"[Pamela Jeffs] Jessop had told caseworkers in an interview on April 6 at the YFZ Ranch that she was 18, according to documents seeking custody of her son filed in state district court in Tom Green County after his birth."

If one is a liar, shouldn't they ALL be classified as liars?

"Based on the birthdates she provided to CPS investigators, she was 15 at the time she and her husband, Jackson Jessop, conceived the older boy."

With her husband, Jackson, being 22 YO now, he was near 19 YO when the baby was conceived (depending on his exact birthday...). Not sure if that happened in Texas or not, but if it did, it could be a problem.

""If we possess credible evidence that other minors in question are over 18," then CPS will release them, as well, said spokeswoman Marleigh Meisner, declining to discuss what specific evidence led CPS to reverse course in Jessop's case. "We are still in the midst of an investigation. We cannot just dismiss them without credible evidence.""

We've had trouble with the definition of "credible", as it applies to identification, since Walthers was so eager to go along with the idea ALL ID's may be forged!

On that day old baby, the article says; Walther on Tuesday afternoon granted CPS' request to take that boy, identified as Richard Daniel Jessop in court documents, into temporary custody and set an initial hearing in his case for May 23. The documents list the mother, identified as Louisa Bradshaw Jessop, as "15 or 16" and say she gave investigators conflicting birth dates when interviewed at the ranch."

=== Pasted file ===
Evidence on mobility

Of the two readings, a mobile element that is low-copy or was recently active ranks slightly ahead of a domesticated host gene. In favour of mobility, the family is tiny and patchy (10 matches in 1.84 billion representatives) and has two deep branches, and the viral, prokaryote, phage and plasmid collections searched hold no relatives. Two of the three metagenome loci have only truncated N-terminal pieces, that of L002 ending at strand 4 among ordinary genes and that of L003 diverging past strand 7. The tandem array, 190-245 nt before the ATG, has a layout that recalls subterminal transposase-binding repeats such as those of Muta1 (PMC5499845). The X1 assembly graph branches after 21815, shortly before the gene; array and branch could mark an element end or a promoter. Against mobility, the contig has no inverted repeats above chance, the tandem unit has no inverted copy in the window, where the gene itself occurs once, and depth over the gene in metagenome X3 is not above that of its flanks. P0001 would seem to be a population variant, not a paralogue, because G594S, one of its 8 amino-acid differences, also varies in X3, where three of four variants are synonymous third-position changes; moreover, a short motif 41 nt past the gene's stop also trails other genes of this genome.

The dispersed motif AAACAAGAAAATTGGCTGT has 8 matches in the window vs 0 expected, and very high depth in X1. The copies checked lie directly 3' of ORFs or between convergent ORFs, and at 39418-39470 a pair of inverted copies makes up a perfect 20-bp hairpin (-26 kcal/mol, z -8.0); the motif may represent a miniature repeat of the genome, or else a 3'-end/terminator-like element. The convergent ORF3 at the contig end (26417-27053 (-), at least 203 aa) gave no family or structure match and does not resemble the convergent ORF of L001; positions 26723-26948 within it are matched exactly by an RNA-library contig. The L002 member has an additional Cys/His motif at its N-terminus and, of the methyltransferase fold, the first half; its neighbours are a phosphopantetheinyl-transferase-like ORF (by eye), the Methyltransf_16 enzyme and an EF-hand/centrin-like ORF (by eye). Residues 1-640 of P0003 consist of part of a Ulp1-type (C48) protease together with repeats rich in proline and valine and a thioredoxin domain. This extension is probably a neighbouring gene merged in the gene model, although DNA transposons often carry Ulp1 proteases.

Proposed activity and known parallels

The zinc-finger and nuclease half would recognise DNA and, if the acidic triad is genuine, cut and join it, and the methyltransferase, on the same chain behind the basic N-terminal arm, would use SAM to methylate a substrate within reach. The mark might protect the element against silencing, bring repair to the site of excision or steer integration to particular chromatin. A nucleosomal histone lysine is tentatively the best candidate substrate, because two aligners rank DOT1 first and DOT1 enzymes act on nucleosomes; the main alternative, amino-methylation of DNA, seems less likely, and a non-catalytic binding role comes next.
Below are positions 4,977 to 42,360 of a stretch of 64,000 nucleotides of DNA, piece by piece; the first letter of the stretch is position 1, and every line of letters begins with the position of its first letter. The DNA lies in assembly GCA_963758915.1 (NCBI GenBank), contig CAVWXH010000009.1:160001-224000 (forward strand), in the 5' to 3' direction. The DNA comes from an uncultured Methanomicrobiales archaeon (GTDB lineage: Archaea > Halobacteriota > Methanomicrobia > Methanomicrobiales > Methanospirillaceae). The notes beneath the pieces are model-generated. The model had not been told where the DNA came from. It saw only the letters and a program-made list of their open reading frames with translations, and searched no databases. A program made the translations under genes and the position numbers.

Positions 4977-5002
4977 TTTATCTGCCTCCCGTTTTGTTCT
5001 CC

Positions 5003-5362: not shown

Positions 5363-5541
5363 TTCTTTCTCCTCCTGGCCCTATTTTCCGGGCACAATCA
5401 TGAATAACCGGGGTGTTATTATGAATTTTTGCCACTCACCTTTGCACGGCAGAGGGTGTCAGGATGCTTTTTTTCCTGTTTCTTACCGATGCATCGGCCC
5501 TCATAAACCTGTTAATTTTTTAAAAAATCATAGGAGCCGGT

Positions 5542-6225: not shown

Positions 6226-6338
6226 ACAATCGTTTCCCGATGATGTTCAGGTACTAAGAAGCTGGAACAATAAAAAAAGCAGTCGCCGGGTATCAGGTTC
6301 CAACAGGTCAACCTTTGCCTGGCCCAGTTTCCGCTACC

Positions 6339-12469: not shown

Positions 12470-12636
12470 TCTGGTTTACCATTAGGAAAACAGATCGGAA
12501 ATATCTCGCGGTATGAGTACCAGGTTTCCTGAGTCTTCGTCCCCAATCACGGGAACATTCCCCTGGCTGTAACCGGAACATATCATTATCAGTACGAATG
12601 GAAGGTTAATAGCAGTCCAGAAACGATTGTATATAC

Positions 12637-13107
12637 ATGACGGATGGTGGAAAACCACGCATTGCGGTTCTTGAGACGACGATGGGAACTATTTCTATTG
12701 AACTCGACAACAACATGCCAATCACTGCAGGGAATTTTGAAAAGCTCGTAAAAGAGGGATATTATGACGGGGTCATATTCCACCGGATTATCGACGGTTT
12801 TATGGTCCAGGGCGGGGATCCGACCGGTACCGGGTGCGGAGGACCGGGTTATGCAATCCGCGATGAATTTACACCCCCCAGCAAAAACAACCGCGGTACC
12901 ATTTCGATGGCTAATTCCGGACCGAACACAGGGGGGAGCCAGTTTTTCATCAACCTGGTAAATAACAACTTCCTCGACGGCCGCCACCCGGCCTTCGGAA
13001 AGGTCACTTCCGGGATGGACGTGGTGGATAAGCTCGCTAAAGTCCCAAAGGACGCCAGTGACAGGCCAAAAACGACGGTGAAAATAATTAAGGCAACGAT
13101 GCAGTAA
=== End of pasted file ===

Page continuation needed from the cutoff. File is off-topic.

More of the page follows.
That custody matter is puzzling at best. I guess Walthers can do this since the mother is still in custody as a minor. Sure makes the authorities look to corrupt to have not been able to determine her ID's were credible BEFORE she gave birth.

kbp said...

Just a thought here!

Rod Parker had claimed that he knew of 11, 12 or quite a few of the pregnant girls in "dispute" were acyually adualts.

We have one CPS admitted to and one claiming to be 22 YO most do not doubt now.

I do not emergency type action in the courts by any except maybe the 22 YO to be released.

I then wonder if just doing the minimum to seek having the ADULTS being held in custody released, so that it does not happen quickly, could be a strategy to show more injury in a federal complaint later.

Maybe letting the Walthers and her CPS crew play their hand more freely will result in them creating more problem$ to face later.

kbp said...

Sorry for that last post. Typing one handed while talking on the phone!

kbp said...

Those who think the state and the Children's Protective Services erred in removing children from their loving FLDS families should take a serious look at this organization with an open mind.

Anonymous said...